Systematizing the unique brand identity of the new product logos
Systematizing the new unique brand identity of each product is as important as creating the new logos. This is so that they can be used in the right places to help better with brand recognition. To make this possible, we gathered all our logos and made a usage guideline to maintain our overall brand identity while differentiating each product properly when needed. We came up with the following three types to be used for different purposes:
A. Product logo (Primary)
These are simple symbol icons. Unlike open source icons, the icons reflect the characteristics of each product and are used when the products need to be portrayed visually. To make sure they are perceived as Sendbird products, each product icon is then followed by the text version of the product name (e.g. Sendbird Chat, Sendbird Calls, etc.)
Simple symbol icons for Sendbird products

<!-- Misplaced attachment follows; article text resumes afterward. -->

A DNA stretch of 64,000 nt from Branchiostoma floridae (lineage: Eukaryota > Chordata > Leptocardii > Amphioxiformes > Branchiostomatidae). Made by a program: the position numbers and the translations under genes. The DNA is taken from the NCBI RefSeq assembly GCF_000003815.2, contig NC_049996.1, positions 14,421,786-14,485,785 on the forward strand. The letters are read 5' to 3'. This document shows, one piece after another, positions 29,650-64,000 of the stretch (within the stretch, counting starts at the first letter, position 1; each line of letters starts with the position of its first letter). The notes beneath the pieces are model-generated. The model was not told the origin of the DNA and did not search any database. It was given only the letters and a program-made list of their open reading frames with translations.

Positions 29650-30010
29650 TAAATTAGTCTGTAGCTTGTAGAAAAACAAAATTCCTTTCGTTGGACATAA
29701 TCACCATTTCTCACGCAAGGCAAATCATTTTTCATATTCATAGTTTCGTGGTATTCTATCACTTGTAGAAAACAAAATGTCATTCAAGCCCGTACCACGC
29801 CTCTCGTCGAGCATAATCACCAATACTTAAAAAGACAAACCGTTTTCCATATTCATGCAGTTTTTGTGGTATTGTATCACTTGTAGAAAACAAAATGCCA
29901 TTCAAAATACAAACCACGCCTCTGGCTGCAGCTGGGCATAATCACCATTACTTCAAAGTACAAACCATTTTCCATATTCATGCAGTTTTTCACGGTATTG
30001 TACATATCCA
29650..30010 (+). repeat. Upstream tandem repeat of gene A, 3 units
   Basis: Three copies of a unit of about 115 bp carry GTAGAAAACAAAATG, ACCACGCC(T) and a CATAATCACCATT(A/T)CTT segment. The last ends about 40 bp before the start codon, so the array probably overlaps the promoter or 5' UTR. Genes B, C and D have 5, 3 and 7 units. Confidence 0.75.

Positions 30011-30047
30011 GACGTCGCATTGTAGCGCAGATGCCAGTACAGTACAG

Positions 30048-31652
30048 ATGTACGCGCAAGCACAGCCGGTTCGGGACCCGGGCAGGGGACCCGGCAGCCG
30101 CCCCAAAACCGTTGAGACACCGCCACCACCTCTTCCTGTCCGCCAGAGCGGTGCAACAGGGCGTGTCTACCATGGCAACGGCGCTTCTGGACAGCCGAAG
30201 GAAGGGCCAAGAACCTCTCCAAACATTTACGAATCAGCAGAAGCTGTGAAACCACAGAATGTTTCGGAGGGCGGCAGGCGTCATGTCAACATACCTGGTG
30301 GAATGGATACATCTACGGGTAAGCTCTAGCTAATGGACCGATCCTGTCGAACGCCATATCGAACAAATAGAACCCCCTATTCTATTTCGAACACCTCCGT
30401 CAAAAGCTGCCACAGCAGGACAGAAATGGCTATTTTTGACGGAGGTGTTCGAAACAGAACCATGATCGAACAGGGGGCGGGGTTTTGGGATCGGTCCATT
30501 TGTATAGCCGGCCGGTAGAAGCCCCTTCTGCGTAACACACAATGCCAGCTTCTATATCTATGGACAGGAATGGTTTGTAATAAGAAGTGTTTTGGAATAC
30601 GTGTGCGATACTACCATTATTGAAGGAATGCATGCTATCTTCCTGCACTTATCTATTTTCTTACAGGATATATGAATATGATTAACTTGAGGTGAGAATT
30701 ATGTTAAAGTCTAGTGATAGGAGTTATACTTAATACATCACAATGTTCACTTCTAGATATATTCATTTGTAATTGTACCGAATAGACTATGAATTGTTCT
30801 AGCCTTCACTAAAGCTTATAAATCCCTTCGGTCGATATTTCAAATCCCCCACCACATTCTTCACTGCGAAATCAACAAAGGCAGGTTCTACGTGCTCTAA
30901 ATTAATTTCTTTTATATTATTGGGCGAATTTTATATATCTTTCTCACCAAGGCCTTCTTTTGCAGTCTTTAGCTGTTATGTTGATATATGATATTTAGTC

B. Product logo (Horizontal)
This is the horizontal version of the product logos. They are used in situations when the main company logo needs to be present, and the products still need to be differentiated.
Horizontal product logos
C. Product logo (Lockup)
The lockup version was developed for situations when customers discover Sendbird and its products for the first time. This is the Sendbird logo with each product name in text.
The Sendbird logo with each product name in text
Looking to the future of Sendbird’s new product logos and brand identity
It has been four months since we developed the unique brand identity of each product. Now, all of Sendbird’s departments are actively using the new logos. The brand design team continues to manage the logos so that they are used correctly in different situations.
It was difficult coming up with new logos for each product from scratch. Through the challenging process, we learned lessons that have accumulated to help strengthen Sendbird’s brand assets and overall brand perception. We would like to thank our team for their passion through countless meetings to come up with a good direction for our brand logos. We hope this blog helps in your design journey!